Grumpy nurse

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I have a confession.  I don’t know if I like people.  This is insane, right?  I am a NURSE, for heaven’s sake.  I work with people ALL DAY.   OK, so maybe that right there is the ticket,  maybe the fact that I work with people all day is the reason why I don’t like people.  I am sure that all of us at some point have seen “grumpy cat”, that beloved feline image that has taken over the Internet with his lovable yet snarky little pout.  Grumpy cat is my favorite.  If I were a cat, I would totally be grumpy cat.  He is cynical yet lovable.  Just like me, I think.

My days as a nurse practitioner have turned into this exercise of endlessly suppressing my inner grumpy cat. Mostly so I don’t get fired.   I think that many nurses, teachers, social workers, secretaries, customer service representatives, or anyone who works closely with people 40+ hours per week can relate to this at some point in their careers (or at least I hope so!).  I am hopeful that, as my mother would say when we were kids, “it’s just a phase”, and that I can start looking for the good in people again instead of just naturally zoning in on the things that irritate me.

I feel a great deal of angst and guilt over my aforementioned grumpiness because, a) I am waist-deep in a career that is all about helping others, and b) I am a Christian.  I don’t feel like either of those identities permit me to have those feelings.  Or if I have them, I certainly can’t express them without feeling very awkward and vulnerable.  I am supposed to love and serve people, not look at them through a cynical lens.

Enter, my favorite book in the whole wide world, Carry on Warrior, which led me to my most favorite blog, Momastery.  This woman makes me feel normal.  She is a brave, bold, teller of truth and a self-proclaimed spreader of hope.  She has a really big online community associated with her blog which is truly like a family.  One of my favorite things that they do is something called “Love Flash Mobs”.  During a LFM, her online community will raise money for a particular cause in a set time period, usually 24-48 hours.  And the rule is that no one can give more than $25.  I had the opportunity to participate in a few Love Flash Mobs, and it was awesome.  Just awesome.  To sit on your couch, in your comfy pants, give $25 through PayPal, and watch countless other people do the same until, whammo!  Suddenly a group of people has raised a million dollars in 48 hours for refugees in Europe fleeing from war in Syria and landing, soggy and destitute, on the shores of Lesvos.  Or raising enough money for those within their communities undergoing financial hardship to buy Christmas gifts for their children, and then some.  One particular Love Flash Mob I participated in was aimed to raise money for a maternity center in Haiti, called Heartline.  This online community of sisters raised over $475,000 in 24 hours for Heartline to add another wing to their maternity center.  And just like that, my faith in humanity slowly started to be restored.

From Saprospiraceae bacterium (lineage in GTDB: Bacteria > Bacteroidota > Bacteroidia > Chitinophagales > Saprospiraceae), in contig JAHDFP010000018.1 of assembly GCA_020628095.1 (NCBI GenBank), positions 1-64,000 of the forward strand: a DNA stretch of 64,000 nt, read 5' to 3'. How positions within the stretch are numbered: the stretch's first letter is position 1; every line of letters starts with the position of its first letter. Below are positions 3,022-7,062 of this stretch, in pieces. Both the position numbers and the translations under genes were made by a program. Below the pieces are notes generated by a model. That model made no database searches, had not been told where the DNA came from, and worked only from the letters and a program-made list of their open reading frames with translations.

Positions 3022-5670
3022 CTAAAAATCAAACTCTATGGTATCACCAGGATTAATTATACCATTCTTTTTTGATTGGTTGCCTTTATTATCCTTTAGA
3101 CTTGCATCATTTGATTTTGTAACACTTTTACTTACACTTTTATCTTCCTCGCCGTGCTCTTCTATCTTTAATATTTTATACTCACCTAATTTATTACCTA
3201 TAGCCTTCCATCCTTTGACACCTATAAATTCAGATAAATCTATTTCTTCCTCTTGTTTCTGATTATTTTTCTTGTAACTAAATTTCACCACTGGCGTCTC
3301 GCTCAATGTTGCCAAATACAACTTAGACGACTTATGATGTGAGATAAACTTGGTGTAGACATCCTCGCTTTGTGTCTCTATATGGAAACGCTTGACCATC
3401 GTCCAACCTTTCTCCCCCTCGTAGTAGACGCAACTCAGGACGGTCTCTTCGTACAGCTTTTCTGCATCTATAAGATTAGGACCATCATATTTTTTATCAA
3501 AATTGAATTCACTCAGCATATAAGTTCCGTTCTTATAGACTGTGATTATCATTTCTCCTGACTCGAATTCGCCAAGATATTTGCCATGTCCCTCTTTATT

This is is where the saying, “it is more blessed to give than to receive” comes from, I think.  I love the idea that very few of us could afford to give half a million dollars to help a maternity center in Haiti or Syrian refugees fleeing war.  But if everyone helps out a little, there is such power in that.  It’s like we all need each other in order to help each other.

And so, I began reading about the Heartline Organization, and learned that they offered missions trips.  The medical missions trip interested me because of my bucket list.  I asked Jeff if it was OK with him if I go.  In true, laid-back, easy-going, Jeff-style, he shrugged his shoulders and said, “it’s OK with me.”  16 years ago, my newlywed self may have misinterpreted that to mean that he wasn’t excited about it.  But the experienced Mrs. Wright knows that he is always really chill that way.

I am still troubled by my people burnout, and I wonder why it seems like it will be easier or more desirable to love and serve people in a foreign country, instead of the people I come in contact with every day.  But maybe I have to start somewhere.  So, if you see me and I’m grumpy with you, be patient with me.  I’m working on it.